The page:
Vadda Ghallughara the Great Sikh Holocaust of 1762

Assault of 18th Century Afghani Invader Ahmad Shah Abdali

Artistic Impression of Ghallughara
Artistic Impression of Ghallughara. Illustration © Courtesy Jedi Nights]

The Great Holocaust of Sikh history is known to Sikhs as Vadda Ghallughara. The 18th century Afghani invader Ahmad Shah Abdali, also known as Durrani, led his sixth major assault against the Sikhs in 1762 A.D. The Shah’s general Nur ud-Din Bamezai had suffered defeat in battle with the Sikhs who set up Jassa Singh Ahluvalia as the regent of Lahore, in what is now Pakistan.

Endeavoring to wipe out Sikh resistance, the Shah led his troupes from Qandahar of Afghanistan in a conquest to overtake a cavalcade of about 50,000 Sikhs comprised of fighting men, women, children, and the elderly, in transition from Malva to the Hariyana dessert in the interior of India.

The Durrani invaders crossed two rivers, riding about 150 miles distance in only two days. They mounted a surprise attack at dawn. The Sikh warriors formed a ring to protect the families they escorted, and fought furiously as they pressed onward, hoping for reinforcements. 

Towards afternoon the forces neared a reservoir. Desperately thirsty, both sides of the conflict clamored for water and fighting slowed. Encircling defenseless grandparents, mothers and children, battle weary warriors rallied and fought with utter most verve to protect innocent families. Yet despite their most valiant efforts, the vastly outnumbered Sikhs succumbed in a bloody battle close to the village of Kup, in the vicinity of Malerkotla.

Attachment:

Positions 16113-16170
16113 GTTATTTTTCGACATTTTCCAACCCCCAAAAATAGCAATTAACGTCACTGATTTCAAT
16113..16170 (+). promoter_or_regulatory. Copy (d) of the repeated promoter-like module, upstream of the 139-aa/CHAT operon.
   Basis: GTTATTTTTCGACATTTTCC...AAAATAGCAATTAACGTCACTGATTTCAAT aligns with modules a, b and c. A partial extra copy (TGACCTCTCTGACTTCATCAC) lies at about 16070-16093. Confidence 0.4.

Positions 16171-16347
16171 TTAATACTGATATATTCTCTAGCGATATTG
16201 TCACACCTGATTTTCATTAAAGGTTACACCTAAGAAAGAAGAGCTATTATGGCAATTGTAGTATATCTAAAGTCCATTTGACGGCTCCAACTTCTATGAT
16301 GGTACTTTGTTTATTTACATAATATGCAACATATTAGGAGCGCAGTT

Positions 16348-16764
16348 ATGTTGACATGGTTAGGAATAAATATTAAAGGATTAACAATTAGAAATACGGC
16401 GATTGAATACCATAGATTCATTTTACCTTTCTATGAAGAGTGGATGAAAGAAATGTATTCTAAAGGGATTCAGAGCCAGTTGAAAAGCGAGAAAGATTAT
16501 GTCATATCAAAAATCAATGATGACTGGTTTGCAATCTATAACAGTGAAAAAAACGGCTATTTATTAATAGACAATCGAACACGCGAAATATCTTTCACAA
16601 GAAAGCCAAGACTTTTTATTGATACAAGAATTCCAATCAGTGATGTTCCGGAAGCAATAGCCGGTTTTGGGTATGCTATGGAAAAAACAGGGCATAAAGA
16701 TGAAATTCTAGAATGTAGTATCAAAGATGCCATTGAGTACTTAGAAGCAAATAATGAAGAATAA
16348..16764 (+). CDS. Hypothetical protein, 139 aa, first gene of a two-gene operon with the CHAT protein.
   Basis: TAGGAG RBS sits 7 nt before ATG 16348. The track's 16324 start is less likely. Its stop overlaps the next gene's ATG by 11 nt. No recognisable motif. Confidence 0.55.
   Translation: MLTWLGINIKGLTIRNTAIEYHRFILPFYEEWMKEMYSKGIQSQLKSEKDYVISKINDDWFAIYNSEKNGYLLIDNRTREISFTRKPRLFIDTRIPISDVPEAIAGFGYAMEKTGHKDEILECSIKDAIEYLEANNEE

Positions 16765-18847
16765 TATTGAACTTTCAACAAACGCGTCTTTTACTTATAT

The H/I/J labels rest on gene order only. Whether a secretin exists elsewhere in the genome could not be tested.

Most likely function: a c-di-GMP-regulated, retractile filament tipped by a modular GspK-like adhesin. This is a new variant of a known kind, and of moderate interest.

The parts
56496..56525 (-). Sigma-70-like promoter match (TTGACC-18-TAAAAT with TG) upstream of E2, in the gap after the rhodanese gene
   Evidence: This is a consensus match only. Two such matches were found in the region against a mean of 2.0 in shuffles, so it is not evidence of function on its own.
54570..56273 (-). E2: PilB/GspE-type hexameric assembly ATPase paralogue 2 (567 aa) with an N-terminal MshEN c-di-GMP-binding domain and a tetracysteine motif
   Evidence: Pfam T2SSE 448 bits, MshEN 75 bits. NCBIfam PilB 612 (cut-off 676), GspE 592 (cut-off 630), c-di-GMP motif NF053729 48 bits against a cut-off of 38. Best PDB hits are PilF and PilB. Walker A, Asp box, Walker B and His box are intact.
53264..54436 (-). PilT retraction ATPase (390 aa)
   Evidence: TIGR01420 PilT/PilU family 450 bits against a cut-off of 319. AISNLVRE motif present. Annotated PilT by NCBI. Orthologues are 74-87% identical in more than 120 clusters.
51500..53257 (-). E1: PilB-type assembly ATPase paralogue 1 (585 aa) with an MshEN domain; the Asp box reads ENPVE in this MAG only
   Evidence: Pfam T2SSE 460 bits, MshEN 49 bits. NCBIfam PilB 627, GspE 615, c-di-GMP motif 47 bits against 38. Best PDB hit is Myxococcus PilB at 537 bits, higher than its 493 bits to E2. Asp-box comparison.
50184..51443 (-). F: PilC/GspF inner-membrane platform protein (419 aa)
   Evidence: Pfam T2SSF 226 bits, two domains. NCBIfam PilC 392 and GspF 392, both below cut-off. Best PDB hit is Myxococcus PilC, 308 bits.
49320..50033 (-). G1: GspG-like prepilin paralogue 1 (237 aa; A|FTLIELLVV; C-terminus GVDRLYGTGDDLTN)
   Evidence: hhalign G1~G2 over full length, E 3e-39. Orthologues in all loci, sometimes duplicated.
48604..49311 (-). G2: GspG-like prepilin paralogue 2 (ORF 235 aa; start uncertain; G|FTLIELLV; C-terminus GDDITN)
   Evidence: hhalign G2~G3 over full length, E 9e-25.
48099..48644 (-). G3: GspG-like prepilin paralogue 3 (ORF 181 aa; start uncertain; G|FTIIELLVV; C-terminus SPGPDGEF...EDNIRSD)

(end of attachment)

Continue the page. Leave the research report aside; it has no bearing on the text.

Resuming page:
The invaders captured hundred of Sikhs and chaining them together forcibly marched the captives towards Lahore. The Sikhs fortunate enough to evade capture fled into the arid desert region towards Barnala.

Not a single survivor escaped without being wounded. Upon reaching Lahore with their prisoners, Ahmad Shah and his troupes pressed onward to Amritsar. There the invading army defiled the sacred sarovar, filling the pristine pool with rotting bloated cattle carcasses. The Durrani forces demolished and deliberately desecrated the holy compound of Harrmandir Sahib.

Once again the Sikhas most sacred center of worship suffered sacrilege, after having been refurbished just seven years earlier following the martyrdom of Baba Deep Singh during the invader's previous attack.

In early February of 1762, during the 3rd and 5th days of that fateful month, Durrani invaders murdered an estimated 10,000 to 12,000 Singhs and about 20,000 Sikh women and children. In just two days of purposely planned genocidal extermination, the ghastly Ghallughara attack shattered the ranks of Sikh warriors. The deaths of the shaheed martyrs represented nearly half the entire population of the Sikh nation in existence at that time. Altogether, between 25,000  to 32,000 estimated Sikh martyrs lost their lives in the vicious massacre which has since come to be called Vadda Ghallughara, or the Greater Holocaust.